Eleven Rules for Managing Data
Establishing rules for database practices and reporting tend to be an afterthought for most businesses.
In credit unions, too, there are always fires that need attending while database practices tend to drop on the priority list.
Yet, problems within data are causing more distress and loss of profits than most other business practices, according to Target Marketing.
In today’s world, data is becoming among the most powerful marketing tools a business can have, and how data is handled and utilized can set a business apart from its competition. In this new environment, basic rules for database practices and reporting are essential.
Target Marketing suggests 11 “must have” rules for managers to keep in mind as they develop their own unique practices:
- Use data entry rules. Pay close attention to the relationship between how data is entered into your platform and how data will be reported. Think through the process of how the data may be used in the present and future.
- Reconcile data sets across two views. Perform basic quality checks on data by looking at summary metrics from two different data processes. For example, if you’re reporting on sales dollars, make sure the data dollars add up to what was actually deposited into an account for the same time period.
- Make quality control a priority. Where possible, automate quality control within the data. It’s easy to do with numeric data, as well as with dates and certain address elements. If a data element exceeds certain limits, it can automatically be rejected upon entry.
- Use a relevant software platform. Use a software solution for processing orders and/or information that’s proven for your marketplace and product assortment. It may save a few dollars to take orders on a platform that excels at accounting or fulfillment needs, but marketing efforts may eventually be hamstrung due to lack of data or visibility of the data.
- Consider how you will act on data. Don’t be conservative about capturing data, but be conservative about how much of it is reported at any given time. Manage time and resources when it comes to data reporting, and make sure there’s a path to using the data.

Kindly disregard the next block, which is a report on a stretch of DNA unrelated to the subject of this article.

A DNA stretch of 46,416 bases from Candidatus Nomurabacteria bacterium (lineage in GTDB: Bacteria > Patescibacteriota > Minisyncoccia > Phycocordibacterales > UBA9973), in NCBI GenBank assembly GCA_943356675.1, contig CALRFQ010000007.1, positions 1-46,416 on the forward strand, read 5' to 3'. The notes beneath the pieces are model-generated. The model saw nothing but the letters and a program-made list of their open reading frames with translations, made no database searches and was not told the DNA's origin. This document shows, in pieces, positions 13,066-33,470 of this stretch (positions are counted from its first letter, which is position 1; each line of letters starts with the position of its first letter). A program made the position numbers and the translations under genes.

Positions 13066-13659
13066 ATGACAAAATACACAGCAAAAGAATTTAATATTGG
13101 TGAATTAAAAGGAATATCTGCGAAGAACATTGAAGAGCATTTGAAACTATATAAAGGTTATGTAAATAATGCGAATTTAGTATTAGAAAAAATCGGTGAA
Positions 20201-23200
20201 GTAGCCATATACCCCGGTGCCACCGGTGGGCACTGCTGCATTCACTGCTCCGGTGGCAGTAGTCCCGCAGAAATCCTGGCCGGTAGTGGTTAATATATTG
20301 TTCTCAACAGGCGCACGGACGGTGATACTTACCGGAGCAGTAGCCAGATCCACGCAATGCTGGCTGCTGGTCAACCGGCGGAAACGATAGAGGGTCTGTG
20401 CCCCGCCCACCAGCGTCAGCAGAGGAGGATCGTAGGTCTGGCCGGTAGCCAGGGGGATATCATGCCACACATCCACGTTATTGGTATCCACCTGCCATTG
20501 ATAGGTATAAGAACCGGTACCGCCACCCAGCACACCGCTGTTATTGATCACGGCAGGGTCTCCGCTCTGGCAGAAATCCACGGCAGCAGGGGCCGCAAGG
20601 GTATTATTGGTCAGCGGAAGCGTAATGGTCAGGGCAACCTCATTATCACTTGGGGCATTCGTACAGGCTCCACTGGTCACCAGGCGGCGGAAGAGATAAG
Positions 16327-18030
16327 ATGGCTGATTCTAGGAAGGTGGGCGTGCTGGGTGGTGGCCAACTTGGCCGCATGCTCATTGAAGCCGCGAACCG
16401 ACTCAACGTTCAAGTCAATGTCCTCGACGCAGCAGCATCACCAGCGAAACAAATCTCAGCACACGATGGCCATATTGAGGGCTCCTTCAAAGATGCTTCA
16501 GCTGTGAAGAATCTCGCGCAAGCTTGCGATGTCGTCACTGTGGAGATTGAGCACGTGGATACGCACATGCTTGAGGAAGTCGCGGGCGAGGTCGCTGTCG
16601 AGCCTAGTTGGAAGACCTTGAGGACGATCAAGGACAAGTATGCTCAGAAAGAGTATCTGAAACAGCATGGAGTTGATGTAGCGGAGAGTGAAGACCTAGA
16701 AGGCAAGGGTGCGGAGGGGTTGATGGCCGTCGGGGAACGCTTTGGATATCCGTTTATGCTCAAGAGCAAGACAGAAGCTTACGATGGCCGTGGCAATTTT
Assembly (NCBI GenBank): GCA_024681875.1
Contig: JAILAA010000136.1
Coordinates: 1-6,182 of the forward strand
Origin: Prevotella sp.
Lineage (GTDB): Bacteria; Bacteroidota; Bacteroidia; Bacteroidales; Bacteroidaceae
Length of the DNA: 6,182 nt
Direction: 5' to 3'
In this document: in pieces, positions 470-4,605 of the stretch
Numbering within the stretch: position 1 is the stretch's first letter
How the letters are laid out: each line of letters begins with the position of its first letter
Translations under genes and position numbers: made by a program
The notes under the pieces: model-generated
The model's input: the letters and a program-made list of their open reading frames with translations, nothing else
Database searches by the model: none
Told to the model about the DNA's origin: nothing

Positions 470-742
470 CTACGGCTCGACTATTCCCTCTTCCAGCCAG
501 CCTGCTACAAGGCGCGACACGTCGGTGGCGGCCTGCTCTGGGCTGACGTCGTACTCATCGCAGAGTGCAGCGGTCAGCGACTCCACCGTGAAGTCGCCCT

- Always test data when using data feeds. Request and test a sample of data before taking time to import or export it. This can save hours of work if the feed doesn’t process properly.
- Use key performance indicators as a guide to data practices. Every business and brand has something special that sets it apart and drives success. Figure out what that is and make sure to capture relevant data. Then consider options for reporting on this data in a way that can lead to action.
- Think outside the box. Brainstorm creative ways to dig into the data. As media channels keep expanding, “unknown” data is becoming a larger part of the marketing world. Think about how to make sense of this data and how to manage it in the future.
- Include listings and descriptions of data fields. When using data feeds or reporting, include a listing of the fields involved in the data as well as a description of those fields. While some things may appear obvious, avoid assumptions. When elements are clearly communicated, phone calls and emails seeking understanding of the data sets will be reduced.
- More data is better than less. There’s always a cost/benefit analysis that’s relevant to the value of collecting data. However, if the cost is not too great it’s good to have more data than less.
- Keep member data up-to-date. As new data arrives, either from the member or a service bureau, make it a priority to feed that data back into the software. It’s often easier to update data piecemeal rather than all at once.
© 2008 CUNA, Inc. All rights reserved.
Reproduction is prohibited without written consent.